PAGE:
Sunday, March 6, 2016

Pietro Testa I

Pietro Testa
Landscape with Satyrs & Putti
17th century
drawing
Rijksmusuem

Pietro Testa
Bacchanal with Nymphs & Shepherds
17th century
drawing
Rijksmuseum

The artist Pietro Testa (1611-1650) died, like Mozart, while still in his thirties  except that Pietro Testa, unlike Mozart, committed suicide. In Patrons and Painters (that Bible of 17th-century Italian art) Francis Haskell turns his attention to the largely forgotten Testa 

 "Like his close friend Poussin he was a stubborn, proud, self-educated man of independent views. He had come to Rome from his native Lucca when in his early twenties, sometime before 1630, and had at once drifted into the orbit of the private connoisseurs rather than the great patrons of the church. ... His biographers all describe him as strange, solitary and melancholy, and his more attractive paintings reflect this side of his character  landscapes, above all, of Titianesque origin often disturbed by threatening winds, with small figures from the Old Testament or mythology sheltering from the elements or occasionally relaxing in the sun."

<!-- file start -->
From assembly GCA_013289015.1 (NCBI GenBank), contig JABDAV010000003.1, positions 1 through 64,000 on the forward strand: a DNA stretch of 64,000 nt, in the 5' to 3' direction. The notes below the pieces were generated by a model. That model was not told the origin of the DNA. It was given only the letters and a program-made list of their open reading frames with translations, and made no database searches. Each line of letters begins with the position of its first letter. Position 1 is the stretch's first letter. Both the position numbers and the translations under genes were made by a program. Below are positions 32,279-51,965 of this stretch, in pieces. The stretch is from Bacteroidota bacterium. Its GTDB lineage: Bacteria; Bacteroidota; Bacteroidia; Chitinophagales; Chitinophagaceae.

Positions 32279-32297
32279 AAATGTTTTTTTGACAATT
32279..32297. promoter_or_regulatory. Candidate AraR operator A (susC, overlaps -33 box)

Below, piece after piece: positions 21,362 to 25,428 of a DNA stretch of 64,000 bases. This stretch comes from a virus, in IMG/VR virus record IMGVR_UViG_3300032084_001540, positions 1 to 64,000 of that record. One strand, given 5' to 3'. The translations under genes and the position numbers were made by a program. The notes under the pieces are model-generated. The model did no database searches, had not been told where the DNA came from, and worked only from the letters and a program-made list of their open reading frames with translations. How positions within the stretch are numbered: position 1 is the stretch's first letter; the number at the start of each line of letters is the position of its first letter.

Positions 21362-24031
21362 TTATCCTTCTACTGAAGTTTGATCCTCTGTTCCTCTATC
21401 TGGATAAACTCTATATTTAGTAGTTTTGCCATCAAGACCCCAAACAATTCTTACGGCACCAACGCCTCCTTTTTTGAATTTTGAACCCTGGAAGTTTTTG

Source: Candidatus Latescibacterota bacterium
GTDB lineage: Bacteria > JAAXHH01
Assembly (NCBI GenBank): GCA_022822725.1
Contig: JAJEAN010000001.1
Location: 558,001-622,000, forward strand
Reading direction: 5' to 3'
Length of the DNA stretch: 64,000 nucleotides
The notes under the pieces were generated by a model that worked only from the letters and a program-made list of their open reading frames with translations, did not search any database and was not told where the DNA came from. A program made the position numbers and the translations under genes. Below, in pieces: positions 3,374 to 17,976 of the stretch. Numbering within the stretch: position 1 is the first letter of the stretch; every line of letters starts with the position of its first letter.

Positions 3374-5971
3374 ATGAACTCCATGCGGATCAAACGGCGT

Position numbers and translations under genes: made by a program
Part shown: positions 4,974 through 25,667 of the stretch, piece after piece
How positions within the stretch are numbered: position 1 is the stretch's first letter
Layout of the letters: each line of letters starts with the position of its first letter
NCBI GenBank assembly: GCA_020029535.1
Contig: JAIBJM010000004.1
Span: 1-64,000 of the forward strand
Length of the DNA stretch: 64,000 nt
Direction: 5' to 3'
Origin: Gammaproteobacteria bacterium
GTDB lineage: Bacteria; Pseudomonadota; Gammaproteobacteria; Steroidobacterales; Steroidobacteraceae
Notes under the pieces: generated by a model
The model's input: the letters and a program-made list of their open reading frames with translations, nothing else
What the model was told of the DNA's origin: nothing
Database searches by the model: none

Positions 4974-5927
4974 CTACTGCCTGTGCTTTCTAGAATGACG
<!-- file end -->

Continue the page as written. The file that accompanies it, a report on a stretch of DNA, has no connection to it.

Pietro Testa
Landscape with Nymphs & Satyrs
17th century
drawing
British Museum

Pietro Testa
Landscape with classical figures
17th century
drawing
British Museum

Pietro Testa
Venus Presenting Armor to Aeneas
17th century
etching
Rijksmuseum

Pietro Testa
St. Jerome
ca. 1631-37
etching
Philadelphia Museum of Art

Pietro Testa
The Prodigal Son laboring among the Swine
ca. 1645
etching
Metropolitan Museum of Art

Pietro Testa
Juno with the Body of Argus
17th century
drawing
British Museum

Pietro Testa
Landscape
17th century
drawing
British Museum

Pietro Testa
Bacchanal with Putti
1640
drawing
Rijksmuseum

Pietro Testa
Allegory of Autumn
17th century
courtesy of Christie's

Pietro Testa
Venus and Adonis
ca.1635
Akademie der bildenden  K√ľnste, Vienna

Pietro Testa
Massacre of the Innocents
ca. 1639-42
Spada Gallery, Rome

Unlike Poussin, Testa never managed to attract reliable patrons for his easel-painting. "In his discouragement, he turned to engraving. ... Here, at last, he met with the success he desesrved  but even that was bitter, for it only emphasized his failure as a  large-scale painter. In an agony of despair he threw himself into the Tiber."

Pietro Testa
Alexander the Great rescued from drowning in the River Cydnus
ca. 1650
Metropolitan Museum of Art